I've spent the morning playing with OpenSocial.  After all, OpenSocial fits in with my conceptualization of the rhizohm and my general interest in web APIs. Plus, I want to be ready to get at all that data on MySpace.   I'm always interested in abstractions of data, which is really what the APIs attempt to do (What is part of a person object? An activity object? etc.), not unlike what WinFS was attempting to tackle, in terms of creating schema that everyone adheres to, or, to go back a PDC or two, Hailstorm

The beginning of my research was attempting to play with the API and look for implementations to see things working.  This was an exercise in futility as the sites that actually implement a sandbox for the API's  seem to be pretty darned flaky.  The only gadgets that I could get to work were "static" gadgets; I was never actually able to see data from one site appear on another site (list of friends, activities, etc.)   It is alpha code after all, a 0.5 release.  Nonetheless, my conclusion at this point is, from a development point of view, it is pretty much unusable.  I imagine the Orkut implementation is a more solid, but I haven't been approved to play there yet. I applied for the Orkut sandbox but haven't heard back yet.

So, after that exercise, I then started reading the various posts in the blogosphere. Perhaps the best was from Dare Obasanjo whose technical and business critique was on the money I thought.  He links out to several other bloggers who had some pretty insightful commentary, in fact so much so that I have nothing to add. I did find his link out to Russell Beattie amusing, again hearkening back to the Hailstorm backlash.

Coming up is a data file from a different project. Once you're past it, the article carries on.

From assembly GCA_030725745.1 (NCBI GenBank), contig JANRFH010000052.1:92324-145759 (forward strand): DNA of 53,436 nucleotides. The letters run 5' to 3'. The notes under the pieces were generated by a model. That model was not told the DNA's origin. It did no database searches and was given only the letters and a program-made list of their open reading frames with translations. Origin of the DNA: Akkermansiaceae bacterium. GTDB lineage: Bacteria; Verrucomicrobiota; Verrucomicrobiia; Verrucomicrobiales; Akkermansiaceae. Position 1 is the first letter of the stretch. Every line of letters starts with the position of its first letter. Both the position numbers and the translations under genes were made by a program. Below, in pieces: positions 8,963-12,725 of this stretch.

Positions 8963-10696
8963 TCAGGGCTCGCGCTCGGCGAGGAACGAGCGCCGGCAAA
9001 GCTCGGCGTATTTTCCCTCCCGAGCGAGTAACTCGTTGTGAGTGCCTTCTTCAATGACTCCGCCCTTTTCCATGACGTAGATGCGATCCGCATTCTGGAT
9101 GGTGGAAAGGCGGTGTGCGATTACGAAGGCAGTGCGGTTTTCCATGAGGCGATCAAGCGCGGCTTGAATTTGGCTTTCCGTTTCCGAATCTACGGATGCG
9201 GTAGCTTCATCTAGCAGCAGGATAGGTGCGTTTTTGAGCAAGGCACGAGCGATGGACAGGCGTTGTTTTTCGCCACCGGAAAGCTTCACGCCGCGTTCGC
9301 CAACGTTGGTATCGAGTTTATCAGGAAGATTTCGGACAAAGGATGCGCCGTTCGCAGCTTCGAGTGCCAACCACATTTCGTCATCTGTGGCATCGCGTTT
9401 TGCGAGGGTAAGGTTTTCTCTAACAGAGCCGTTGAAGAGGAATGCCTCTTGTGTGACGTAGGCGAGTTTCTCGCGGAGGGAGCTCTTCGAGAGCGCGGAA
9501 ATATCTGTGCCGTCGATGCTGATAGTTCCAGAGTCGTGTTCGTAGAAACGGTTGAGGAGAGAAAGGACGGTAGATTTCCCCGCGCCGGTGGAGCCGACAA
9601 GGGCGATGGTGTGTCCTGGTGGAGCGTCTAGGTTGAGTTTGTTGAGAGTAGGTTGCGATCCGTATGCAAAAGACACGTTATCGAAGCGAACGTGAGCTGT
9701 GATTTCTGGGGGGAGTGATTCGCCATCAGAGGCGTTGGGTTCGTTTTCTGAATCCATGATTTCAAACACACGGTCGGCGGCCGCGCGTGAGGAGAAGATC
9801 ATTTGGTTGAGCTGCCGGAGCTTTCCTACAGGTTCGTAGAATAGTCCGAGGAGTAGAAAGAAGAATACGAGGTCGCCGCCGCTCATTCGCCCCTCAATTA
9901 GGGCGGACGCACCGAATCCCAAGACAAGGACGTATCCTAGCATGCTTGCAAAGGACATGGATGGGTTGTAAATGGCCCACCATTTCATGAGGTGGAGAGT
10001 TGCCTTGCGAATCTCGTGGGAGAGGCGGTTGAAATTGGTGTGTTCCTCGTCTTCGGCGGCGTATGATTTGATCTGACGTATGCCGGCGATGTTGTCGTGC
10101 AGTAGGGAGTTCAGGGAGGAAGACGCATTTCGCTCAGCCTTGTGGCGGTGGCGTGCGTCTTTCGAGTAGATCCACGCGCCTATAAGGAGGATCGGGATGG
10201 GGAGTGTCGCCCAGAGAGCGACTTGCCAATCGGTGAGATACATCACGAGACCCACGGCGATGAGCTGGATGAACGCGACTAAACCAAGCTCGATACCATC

I still wonder about the other option for data retrieval, best encapsulated by what the guys are up to over at dapper.net: the notion of the semantic web through strongly typed screenscraping of HTML.  This is a different approach than the Facebook approach (closed system) or the OpenSocial approach ("open"* system), in that it doesn't attempt to try to schematize data.  This gets back to that argument: you can't fight the web. It will proliferate rhizomatically. 

*See Shelley Powers piece on terms for more on what "open" means in this case.